For cyclists, a drone to fly in front of and behind you to warn of upcoming danger.
Irritated urban bicyclists like Mark Climaco and Casey Neistat are capturing the inconsiderate drivers that make it dangerous to bike in the city.
American cities across the nation are improving their infrastructure for bicyclists and pedestrians. Some are doing it better than others. Right now, the top 5 states for biking and walking are:
From Paris’s Vélib’ to New York’s CitiBike, this infographic compares the size of 29 of the world’s largest bike sharing systems.
La Boriosa: Based in Treviso, Italy, Biascagne Cicli makes custom, mostly single-speed and fixed-gear bikes from used and vintage new-on-stock components.
Shape Field Bike: San Francisco–based studio Shape Field Office partnered with Nicholas Riddle, a framebuilder and founder of the Urban Mobility Lab at California College of the Arts, to create this handsome porteur-style conveyance.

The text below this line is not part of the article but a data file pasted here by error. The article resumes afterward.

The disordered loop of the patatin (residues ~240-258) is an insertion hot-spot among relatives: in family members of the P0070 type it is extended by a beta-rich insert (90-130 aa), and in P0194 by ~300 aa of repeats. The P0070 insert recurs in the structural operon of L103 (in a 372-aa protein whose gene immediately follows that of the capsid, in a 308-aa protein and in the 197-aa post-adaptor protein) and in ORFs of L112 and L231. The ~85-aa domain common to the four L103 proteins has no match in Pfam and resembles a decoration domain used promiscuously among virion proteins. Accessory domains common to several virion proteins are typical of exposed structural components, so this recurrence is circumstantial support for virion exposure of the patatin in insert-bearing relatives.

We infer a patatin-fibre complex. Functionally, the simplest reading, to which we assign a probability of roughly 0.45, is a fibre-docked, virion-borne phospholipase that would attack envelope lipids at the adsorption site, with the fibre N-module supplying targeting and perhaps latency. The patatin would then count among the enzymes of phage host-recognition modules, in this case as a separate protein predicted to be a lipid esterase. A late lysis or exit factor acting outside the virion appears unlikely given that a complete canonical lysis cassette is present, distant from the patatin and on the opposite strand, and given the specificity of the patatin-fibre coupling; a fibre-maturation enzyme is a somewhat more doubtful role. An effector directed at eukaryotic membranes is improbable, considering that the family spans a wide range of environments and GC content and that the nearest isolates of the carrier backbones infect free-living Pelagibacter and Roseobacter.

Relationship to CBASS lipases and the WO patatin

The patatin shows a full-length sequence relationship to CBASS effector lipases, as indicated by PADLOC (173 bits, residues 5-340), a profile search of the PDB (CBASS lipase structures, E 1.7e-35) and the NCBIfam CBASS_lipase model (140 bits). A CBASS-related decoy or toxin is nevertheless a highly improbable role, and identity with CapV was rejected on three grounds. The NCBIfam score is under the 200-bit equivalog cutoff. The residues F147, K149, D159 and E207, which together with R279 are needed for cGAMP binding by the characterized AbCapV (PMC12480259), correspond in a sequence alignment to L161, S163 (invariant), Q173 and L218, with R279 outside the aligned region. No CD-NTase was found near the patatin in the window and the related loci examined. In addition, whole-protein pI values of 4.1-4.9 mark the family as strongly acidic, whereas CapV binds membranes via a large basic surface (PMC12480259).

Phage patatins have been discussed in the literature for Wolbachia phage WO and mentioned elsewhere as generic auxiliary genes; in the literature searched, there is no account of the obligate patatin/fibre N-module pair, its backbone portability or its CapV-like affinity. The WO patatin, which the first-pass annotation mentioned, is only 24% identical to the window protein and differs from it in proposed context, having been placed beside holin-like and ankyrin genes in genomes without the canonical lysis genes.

Bough Bike: Dutch designer Jan Gunneweg sculpts bespoke wooden bikes from his workshop in Alkmaar. He’s planning to introduce a lower-priced wooden bicycle line.
Thonet Bentwood Concept: Legendary furniture maker Thonet commissioned Andy Martin and his London-based studio to design this limited-edition roadster, marrying the low-tech methods that Michael Thonet used to build his 1830s chairs with 21st-century technology. Martin didn’t rely entirely on traditional steam-bending techniques but employed a CNC machine to cut and join the wood frame, which sits on off-the-shelf carbon wheels. Such craftsmanship doesn’t come cheap; you can get yours for $70,000.
Where can you find them? Here’s a hint: Don’t look in the U.S.